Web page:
Hurling & Camogie

Jarlath Burns: GAA must help new hurling clubs get off the ground in football-dominated areas

GAA president has established a new hurling development committee
GAA president has established a new hurling development committee (THOMAS MCMULLAN)

THE GAA must find ways to remove obstacles to new hurling clubs becoming established in football-dominated areas, according to president Jarlath Burns.

His sons, Jarly Og and Fionnan, plays for Craobh Rua, which draws largely from the south Armagh area, and Burns is determined to explore the will for more clubs to be formed in similar areas north of the line “from Dublin to Castlebar”.

A new hurling development committee will get to work, with the Silverbridge man hopeful outgoing chairman Colm Nolan will remain involved, but the aim of this group will be “specifically to do with the setting up of new clubs”.

“We want to create a toolkit for that.

“There are a lot of really inspirational people there, pig-headed people who didn’t care what happened, they were going to set up a hurling club. Some of them are the guys who set up Craobh Rua, the hurling club in south Armagh. They know the pitfalls.

“If you draw a line from Dublin to Castlebar north of that, I think we could do a lot better. Football is so established in those places that people get set in their ways.

“People see problems in setting up hurling that don’t exist and what I have done with this hurling development committee is take members of clubs that have been set up in those areas. There won’t be any big names like on the football review committee.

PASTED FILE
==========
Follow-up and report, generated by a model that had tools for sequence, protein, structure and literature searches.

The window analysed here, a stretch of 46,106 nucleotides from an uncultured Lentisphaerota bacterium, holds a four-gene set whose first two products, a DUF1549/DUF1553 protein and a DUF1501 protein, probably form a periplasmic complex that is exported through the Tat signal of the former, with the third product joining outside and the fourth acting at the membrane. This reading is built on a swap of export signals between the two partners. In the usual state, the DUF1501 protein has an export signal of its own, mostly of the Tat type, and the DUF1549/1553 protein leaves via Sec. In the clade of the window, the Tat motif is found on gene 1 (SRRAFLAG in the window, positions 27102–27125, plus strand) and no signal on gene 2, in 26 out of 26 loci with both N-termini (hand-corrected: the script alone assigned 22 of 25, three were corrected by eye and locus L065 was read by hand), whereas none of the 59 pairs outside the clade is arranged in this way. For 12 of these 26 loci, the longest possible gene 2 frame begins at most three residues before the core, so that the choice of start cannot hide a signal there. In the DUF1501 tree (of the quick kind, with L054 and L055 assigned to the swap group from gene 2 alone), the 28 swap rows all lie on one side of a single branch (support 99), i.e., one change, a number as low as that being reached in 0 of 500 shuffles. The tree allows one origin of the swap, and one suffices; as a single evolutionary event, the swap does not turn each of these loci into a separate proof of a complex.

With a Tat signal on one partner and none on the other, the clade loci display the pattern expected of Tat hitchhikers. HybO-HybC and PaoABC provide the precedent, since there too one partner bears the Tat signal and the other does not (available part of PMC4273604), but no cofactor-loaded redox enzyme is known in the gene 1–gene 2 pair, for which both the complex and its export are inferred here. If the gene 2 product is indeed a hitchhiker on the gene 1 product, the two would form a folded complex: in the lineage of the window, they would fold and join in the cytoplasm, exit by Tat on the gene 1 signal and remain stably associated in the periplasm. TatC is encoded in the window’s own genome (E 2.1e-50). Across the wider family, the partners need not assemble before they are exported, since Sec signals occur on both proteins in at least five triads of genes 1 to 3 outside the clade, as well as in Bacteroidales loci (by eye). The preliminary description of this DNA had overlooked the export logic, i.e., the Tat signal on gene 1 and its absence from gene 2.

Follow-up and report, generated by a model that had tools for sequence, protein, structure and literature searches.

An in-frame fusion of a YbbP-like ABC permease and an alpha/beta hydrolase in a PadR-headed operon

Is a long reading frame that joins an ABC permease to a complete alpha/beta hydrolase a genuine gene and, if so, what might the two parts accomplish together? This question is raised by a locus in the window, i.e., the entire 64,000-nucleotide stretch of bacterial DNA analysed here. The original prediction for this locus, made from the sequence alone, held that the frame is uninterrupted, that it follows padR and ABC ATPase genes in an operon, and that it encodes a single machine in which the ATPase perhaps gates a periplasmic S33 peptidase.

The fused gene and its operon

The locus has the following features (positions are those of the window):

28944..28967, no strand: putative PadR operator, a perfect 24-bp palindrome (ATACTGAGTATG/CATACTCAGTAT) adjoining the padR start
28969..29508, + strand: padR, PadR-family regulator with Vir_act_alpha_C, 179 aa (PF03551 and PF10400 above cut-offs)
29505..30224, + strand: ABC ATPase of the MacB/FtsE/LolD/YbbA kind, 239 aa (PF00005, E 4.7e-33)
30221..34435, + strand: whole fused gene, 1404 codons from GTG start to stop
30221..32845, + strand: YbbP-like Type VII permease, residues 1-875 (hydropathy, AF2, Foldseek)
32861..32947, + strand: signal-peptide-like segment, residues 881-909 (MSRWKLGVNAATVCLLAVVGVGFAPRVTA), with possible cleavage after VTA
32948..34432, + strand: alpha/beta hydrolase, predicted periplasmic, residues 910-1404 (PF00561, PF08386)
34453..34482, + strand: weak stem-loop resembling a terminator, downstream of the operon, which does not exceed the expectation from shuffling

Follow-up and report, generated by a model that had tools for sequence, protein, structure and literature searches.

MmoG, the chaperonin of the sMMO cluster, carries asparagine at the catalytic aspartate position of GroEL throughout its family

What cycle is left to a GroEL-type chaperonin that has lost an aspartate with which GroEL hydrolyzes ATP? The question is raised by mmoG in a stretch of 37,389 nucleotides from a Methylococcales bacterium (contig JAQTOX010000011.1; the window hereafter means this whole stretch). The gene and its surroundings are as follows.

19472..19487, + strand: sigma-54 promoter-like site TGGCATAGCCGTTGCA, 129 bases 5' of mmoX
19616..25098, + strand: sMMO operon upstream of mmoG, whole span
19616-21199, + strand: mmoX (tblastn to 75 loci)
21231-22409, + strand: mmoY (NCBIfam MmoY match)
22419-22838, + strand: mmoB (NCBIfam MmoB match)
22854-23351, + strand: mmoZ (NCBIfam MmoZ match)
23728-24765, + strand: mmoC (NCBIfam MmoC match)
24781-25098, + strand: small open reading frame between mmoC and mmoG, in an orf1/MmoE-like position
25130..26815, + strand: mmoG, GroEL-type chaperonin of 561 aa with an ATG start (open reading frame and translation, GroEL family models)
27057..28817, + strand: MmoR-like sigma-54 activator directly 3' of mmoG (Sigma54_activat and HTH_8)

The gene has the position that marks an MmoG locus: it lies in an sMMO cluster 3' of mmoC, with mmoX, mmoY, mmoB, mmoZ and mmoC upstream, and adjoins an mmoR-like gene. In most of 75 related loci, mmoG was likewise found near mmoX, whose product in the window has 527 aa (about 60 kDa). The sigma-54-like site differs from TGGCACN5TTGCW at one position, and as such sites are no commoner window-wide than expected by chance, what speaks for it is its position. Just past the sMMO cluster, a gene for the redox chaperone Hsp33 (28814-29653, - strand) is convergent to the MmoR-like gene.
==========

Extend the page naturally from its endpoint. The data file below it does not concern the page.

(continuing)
“These are just brave people, who have set up hurling clubs in areas where football is dominant and have succeeded. It’s a very, very long-term project, which will see probably no benefits in three years, maybe in 10 but that’s the way the GAA need to be thinking – 20 years ahead.

“Maybe then we’ll be saying this Tiomáint initiative that was started made a difference, made it easy for clubs to set up because even setting up now you have insurance to think of, you have player fees, county affiliation, you have to get a pitch...

“Without more hurling clubs competing within their counties, we will never have more counties competing at the highest level and this is going to be a main focus area during my presidency.

“There are so many obstacles to setting up clubs that we just need to make it easier and take away obstacles and make it an agile process.”

In his first address after taking over from Larry McCarthy at Saturday’s Congress in Newry, the former Armagh captain pointed out that, while he is most readily identified with football, hurling will not be a poor relation during his three years at the helm.

“I know many of you will see me as a president from the Gaelic football tradition at a time when perhaps a hurling man is needed, and I understand that - but you would be wrong.

“I see myself as neither a football or hurling man, but a GAA man. I hail from south Armagh - hardly a hurling stronghold and it is not through any fault of my own though a matter of considerable regret, that I never got the chance to play this amazing game.

“I did ensure however, that my sons would not have this to say and all of them have competed at various levels in school, club and county, with two of them winning county and Ulster club medals and Fionnan gaining an Ulster hurling club Allstar in 2021.

“I say this, not to present myself as any sort of hero against the odds, but to prove that although hurling may not be in my blood, it is in my heart, and I simply love the game.”